The assessment of urinary incontinence involves a combination of history taking (i.e. description of symptoms) in combination with physical examination. In most people this allows categorisation of incontinence into one of the main types of incontinence such as stress urinary incontinence (SUI), urge urinary incontinence (UUI) and mixed urinary incontinence (MUI).
History taking helps:
- Define the type of incontinence
- E.g. triggers to stress incontinence such as coughing, sneezing, jumping, high impact activities, exercise, lifting
- E.g. triggers to urge incontinence such as “key in the door” urgency on arriving home, hearing running water, hand washing
- Overactive bladder symptoms e.g. urgency without loss of urine
- Define the causes and precipitants of incontinence
- Assess the severity of the problem
- By its impact on quality of life and restriction or avoidance of activities because of the incontinence
- By use of incontinence products e.g. pad usage
- Exclude other conditions that may cause, mimic or worsen incontinence such as:
- urinary tract infections
- blockage of the drainage of urine (e.g. by prostatic enlargement in men or prolapse in women)
- bladder conditions (e.g. bladder stones, bladder cancers)
- neurological (nervous system) disorders such as previous strokes, Parkinson’s disease, Multiple Sclerosis, spinal cord problems
- Identify risk factors for stress incontinence in women such as number of pregnancies, history of delivery of large babies as well as forceps and breech deliveries, chronic cough and obesity
- Identify factors which worsen urge incontinence such as:
- excessive intake of caffeine (coffee, tea, cola and energy drinks) and alcohol both which of act as bladder irritants and diuretics
- certain medications which can worsen incontinence
In women the physical examination includes an abdominal examination as well as a pelvic (internal or vaginal) examination.
The abdominal examination looks for a distended bladder, which may indicate problems with incomplete bladder emptying.
The pelvic examination (similar to when having a Pap smear) assesses:
- Leakage with “stress test” or cough test i.e. coughing and straining to look for stress incontinence
- Pelvic organ prolapse and its severity
- Pelvic floor contraction – the ability to perform a pelvic floor contraction and its strength
- Other pelvic pathology e.g. pelvic mass or tenderness
- The nature of the pelvic tissues e.g. the presence of dry tissues (“atrophic change”) due to oestrogen deficiency in postmenopausal women.
In men the physical examination includes an abdominal examination as well prostate examination (also known as DRE or digital rectal examination as it is performed via the back passage).
- Basic investigation includes a urine test preferably with a mid-stream urine specimen (MSU) to exclude urinary tract infection and look for abnormalities such as blood or pus cells in the urine which may indicate a problem in the bladder lining
- It is advisable to have an assessment of bladder emptying to exclude overflow incontinence. This is most easily performed with an ultrasound which checks the amount of urine retained in the bladder after urination.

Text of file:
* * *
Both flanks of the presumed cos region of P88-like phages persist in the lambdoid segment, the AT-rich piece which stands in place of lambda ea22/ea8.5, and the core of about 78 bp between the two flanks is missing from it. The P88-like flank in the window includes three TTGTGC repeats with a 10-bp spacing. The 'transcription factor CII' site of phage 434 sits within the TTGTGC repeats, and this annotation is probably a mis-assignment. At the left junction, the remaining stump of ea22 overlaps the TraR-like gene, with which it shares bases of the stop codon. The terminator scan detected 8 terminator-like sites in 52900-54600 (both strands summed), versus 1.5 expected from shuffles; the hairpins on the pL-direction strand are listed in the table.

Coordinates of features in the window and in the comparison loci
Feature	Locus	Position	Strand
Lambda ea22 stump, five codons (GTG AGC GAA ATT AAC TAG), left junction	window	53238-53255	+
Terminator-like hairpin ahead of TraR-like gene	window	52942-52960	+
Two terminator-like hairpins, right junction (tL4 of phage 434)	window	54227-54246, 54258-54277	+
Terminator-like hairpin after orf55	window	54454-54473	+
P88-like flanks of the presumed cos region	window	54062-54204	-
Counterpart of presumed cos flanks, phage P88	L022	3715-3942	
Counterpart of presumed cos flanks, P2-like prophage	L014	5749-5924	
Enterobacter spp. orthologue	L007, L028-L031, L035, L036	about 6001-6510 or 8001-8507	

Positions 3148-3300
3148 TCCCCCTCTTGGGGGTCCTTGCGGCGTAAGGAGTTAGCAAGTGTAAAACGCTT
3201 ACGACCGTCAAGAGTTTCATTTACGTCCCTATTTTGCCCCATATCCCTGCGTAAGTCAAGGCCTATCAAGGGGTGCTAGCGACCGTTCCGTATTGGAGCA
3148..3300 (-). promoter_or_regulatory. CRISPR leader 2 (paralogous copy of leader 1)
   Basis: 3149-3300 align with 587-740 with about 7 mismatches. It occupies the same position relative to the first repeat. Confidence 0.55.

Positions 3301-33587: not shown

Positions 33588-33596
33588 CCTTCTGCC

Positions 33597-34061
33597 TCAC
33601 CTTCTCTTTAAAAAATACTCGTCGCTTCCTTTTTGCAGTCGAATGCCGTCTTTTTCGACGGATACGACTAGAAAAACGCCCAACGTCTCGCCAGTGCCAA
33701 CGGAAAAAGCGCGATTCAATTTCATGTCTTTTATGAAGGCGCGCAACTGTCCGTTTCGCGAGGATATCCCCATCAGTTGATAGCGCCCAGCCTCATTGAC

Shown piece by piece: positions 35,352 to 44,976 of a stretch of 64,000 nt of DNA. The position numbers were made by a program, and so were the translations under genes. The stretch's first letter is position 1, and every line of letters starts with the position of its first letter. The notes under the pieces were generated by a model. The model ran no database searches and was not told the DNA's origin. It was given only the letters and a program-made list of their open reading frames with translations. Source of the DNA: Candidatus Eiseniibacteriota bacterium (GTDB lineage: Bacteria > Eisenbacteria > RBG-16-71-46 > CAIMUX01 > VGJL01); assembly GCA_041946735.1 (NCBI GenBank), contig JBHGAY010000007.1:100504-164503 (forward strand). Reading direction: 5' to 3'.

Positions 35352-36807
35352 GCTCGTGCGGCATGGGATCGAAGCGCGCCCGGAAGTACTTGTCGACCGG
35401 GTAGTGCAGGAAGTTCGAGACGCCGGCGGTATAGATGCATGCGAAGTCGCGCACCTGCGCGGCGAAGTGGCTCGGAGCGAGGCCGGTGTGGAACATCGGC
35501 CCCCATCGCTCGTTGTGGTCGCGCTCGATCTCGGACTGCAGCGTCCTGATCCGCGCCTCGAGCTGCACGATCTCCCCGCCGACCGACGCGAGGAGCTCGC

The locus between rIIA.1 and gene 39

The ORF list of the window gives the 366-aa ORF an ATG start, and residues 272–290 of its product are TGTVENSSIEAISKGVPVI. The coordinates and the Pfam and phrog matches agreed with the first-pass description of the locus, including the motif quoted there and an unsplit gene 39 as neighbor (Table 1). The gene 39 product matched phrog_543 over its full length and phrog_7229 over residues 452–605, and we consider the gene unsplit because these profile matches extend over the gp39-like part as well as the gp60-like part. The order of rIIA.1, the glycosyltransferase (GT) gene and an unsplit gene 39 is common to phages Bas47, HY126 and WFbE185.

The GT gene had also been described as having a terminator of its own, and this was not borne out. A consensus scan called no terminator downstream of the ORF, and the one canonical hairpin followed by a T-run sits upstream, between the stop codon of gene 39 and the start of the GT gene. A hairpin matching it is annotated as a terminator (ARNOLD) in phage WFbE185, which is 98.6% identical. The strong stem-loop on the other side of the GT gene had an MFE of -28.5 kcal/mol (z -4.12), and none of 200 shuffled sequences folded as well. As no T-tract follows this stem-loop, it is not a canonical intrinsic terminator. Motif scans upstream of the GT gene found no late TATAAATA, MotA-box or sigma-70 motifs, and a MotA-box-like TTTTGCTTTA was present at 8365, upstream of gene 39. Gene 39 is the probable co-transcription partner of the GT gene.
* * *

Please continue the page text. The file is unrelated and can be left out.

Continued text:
- The bladder diary
- Other tests which may be performed include:
- blood tests of kidney function
- urinary cytology -looking for abnormal cells in the urine
- PSA testing in men
The Bladder Diary
The bladder diary (also known as a frequency volume chart) is a very useful investigation to assess urinary symptoms, educate the patient and monitor the effectiveness of treatments.
The simplest form of bladder diary involves charting the:
- time of all urination episodes over 24 hour periods (usually for 3 days but not necessarily consecutive)
- volume of urine passed each time (in millilitres by passing urine into a measuring container or jug)
- frequency of incontinence episodes e.g. by charting how often leakage occurs with an assessment of severity (such as “small”, “medium”, “large” loss of urine)
More complex bladder diaries can include a record of fluid intake (which is usually reflected in the total urine output).
Although it is a nuisance and inconvenient to fill out, the bladder diary provides extremely valuable information about bladder function that is essential in guiding management of incontinence problems. As well as making a person more aware of their bladder habits and forming the basis for bladder retraining, it gives the doctor objective information about:
- number of day time voids
- number of night time voids
- total urine output over 24 hours
- urine output overnight
- bladder capacity
- leakage frequency and severity
Summary of Assessment of Urinary Incontinence
It is important to understand that in most people the initial assessment of urinary symptoms and incontinence by
- history taking
- physical examination
- urine testing
- measurement of bladder emptying with ultrasound and
- bladder diary
is sufficient to make a diagnosis and start treatment.
More complex testing such as a urodynamic study is NOT required before starting treatment in straightforward cases of stress or urge incontinence or overactive bladder. Indications for urodynamic study and cystoscopy are discussed.